“In Ontario, all non-urgent medical office visits have been cancelled in an effort to help protect older adults and reduce potential spread.
“At our MINT Memory Clinics in Kitchener-Waterloo, we have been going through our patient lists and actively reaching out by telephone or videoconference. We want to make sure persons living with dementia and their caregivers have adequate formal and informal supports, including proper supply of medications, access to groceries and essentials. We also want to check in on their physical and mental health during this difficult time. Are they managing their self-care needs? Have there have been any falls? Are they feeling lonely?
Increasing the risk of caregiver stress
“Social distancing, for many, can be synonymous with social isolation, and this is a real concern for persons living with memory difficulties and especially for their caregivers. Many of the families we support depend on day programs which are now cancelled. Caregivers are needing to do more, and this increases the risk of caregiver stress.
“By reaching out to our patients and caregivers, we also have an important opportunity to provide advice and guidance about COVID-19, including when and how to seek medical attention, and how to practice social distancing and proper hand hygiene.
“While the frontlines focus on addressing urgent issues related to the pandemic, we have a critical role to play in supporting older adults, ensuring their health is maintained, and helping to keep them at home and out of long-term care and hospitals. Our patients have been most appreciative of the outreach by team members they know and trust.”
On the national scale, the Alzheimer Society of Canada has faced a comparatively larger challenge. Rosanne Meandro, the society’s communications director, told The Tyee:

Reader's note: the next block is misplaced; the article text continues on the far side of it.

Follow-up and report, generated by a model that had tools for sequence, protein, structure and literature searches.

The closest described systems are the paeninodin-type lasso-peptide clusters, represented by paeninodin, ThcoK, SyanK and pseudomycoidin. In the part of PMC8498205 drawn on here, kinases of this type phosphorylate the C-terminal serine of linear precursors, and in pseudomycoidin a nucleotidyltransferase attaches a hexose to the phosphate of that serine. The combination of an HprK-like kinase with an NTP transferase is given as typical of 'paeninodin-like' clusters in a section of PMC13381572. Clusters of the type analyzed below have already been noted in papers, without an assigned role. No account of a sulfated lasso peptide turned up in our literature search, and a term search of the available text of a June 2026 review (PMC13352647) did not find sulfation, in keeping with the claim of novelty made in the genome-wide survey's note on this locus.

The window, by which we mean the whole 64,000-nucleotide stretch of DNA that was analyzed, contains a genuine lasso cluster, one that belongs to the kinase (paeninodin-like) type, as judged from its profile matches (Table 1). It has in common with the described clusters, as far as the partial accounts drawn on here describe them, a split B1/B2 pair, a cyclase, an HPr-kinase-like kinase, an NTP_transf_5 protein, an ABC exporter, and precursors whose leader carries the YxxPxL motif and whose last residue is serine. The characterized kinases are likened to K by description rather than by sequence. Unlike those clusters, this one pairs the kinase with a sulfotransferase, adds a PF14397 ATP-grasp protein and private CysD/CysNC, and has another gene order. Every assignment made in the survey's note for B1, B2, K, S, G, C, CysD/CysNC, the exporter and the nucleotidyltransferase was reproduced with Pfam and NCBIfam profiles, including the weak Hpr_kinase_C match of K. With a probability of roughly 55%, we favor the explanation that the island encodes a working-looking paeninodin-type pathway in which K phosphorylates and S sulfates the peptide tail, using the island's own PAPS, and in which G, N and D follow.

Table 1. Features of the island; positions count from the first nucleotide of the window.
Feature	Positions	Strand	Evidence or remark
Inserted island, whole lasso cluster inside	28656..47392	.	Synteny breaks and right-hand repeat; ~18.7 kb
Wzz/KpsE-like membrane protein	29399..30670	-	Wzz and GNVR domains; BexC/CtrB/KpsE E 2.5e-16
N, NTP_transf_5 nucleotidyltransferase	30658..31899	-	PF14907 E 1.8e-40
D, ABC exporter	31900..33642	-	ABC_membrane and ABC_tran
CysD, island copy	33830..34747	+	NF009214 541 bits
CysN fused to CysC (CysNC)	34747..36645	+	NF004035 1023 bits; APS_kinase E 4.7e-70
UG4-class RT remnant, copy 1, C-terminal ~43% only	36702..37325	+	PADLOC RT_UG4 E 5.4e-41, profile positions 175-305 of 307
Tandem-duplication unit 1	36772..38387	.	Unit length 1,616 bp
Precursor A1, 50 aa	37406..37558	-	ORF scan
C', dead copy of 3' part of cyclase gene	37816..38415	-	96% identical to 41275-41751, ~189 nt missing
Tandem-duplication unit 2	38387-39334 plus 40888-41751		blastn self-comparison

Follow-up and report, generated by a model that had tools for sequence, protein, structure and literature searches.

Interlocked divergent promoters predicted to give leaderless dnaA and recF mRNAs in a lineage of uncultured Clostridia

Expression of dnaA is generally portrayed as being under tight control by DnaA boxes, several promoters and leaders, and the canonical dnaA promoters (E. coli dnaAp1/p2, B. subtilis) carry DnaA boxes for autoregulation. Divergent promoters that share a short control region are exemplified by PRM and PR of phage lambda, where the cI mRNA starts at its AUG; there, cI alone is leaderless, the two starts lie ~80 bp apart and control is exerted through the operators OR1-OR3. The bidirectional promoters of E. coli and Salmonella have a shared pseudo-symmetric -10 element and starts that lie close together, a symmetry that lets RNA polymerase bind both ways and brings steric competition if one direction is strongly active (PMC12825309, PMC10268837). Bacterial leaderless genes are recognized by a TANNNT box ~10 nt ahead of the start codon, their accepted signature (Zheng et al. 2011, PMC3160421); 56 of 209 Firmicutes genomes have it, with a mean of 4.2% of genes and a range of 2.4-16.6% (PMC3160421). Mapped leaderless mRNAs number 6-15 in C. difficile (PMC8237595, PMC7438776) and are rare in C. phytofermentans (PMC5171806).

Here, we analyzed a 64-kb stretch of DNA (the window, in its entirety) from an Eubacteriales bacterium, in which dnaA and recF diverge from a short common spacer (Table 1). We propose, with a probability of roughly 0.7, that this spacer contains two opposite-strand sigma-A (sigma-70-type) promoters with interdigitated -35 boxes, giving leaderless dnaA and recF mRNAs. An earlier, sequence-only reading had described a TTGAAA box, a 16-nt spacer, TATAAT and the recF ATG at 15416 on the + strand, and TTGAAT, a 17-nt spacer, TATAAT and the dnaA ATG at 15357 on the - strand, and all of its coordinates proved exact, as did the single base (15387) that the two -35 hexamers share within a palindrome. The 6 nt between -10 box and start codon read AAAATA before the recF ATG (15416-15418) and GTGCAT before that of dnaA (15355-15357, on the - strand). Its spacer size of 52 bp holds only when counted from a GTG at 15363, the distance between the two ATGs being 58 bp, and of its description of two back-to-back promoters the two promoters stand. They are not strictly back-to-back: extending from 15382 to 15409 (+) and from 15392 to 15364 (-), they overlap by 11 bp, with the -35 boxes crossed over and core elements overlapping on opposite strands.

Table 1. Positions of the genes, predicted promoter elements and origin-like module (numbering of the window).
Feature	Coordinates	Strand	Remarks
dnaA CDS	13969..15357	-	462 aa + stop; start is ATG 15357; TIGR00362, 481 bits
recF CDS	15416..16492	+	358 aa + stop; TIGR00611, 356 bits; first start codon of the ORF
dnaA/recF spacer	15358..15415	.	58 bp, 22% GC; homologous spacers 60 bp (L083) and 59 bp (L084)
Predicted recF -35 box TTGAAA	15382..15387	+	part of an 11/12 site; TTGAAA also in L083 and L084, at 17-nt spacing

“The Alzheimer Society of Canada is developing web resources to help caregivers with family members at home as well as people with dementia living alone to maintain a sense of normalcy during this extraordinary time and to stay as safe and as healthy as possible.
“The Alzheimer Society has also convened a task force of leading clinicians and geriatricians from across Canada to develop dementia care best practices that preserve the dignity and autonomy of Canadians with dementia while supporting long-term care — and the health system at large — as medical and protective equipment become more scarce and decisions about triage and life-saving resources grow more complex. This group and recommended practices will serve to influence much-needed systemic change and elevate the standard of care that people with dementia rightly deserve.”
If a theme emerges across these responses, it’s that individuals and organizations alike are going online to try to restore lost face-to-face relationships. It isn’t easy; Pam Havens told The Tyee that many of the people in her program don’t understand why the face-to-face meetings have ended. But until the pandemic is well and truly over, dementia care will have to depend largely on online resources.
The dementia-care community will also have to deal with a society obsessed for now with COVID-19, while a host of other medical issues go ignored: diabetes, lupus, alcoholism, opioids, measles, mental health, and air pollution, to name just a few. In even a major pandemic or epidemic, the collateral damage is often worse than the major disease: in West Africa’s Ebola outbreak of 2014-16, more people died of measles than of Ebola itself.
Canada has been shocked and sensitized by the COVID-19 deaths in care facilities. If we can follow through on the “routine” diseases as well as COVID-19, those deaths will not have been entirely in vain.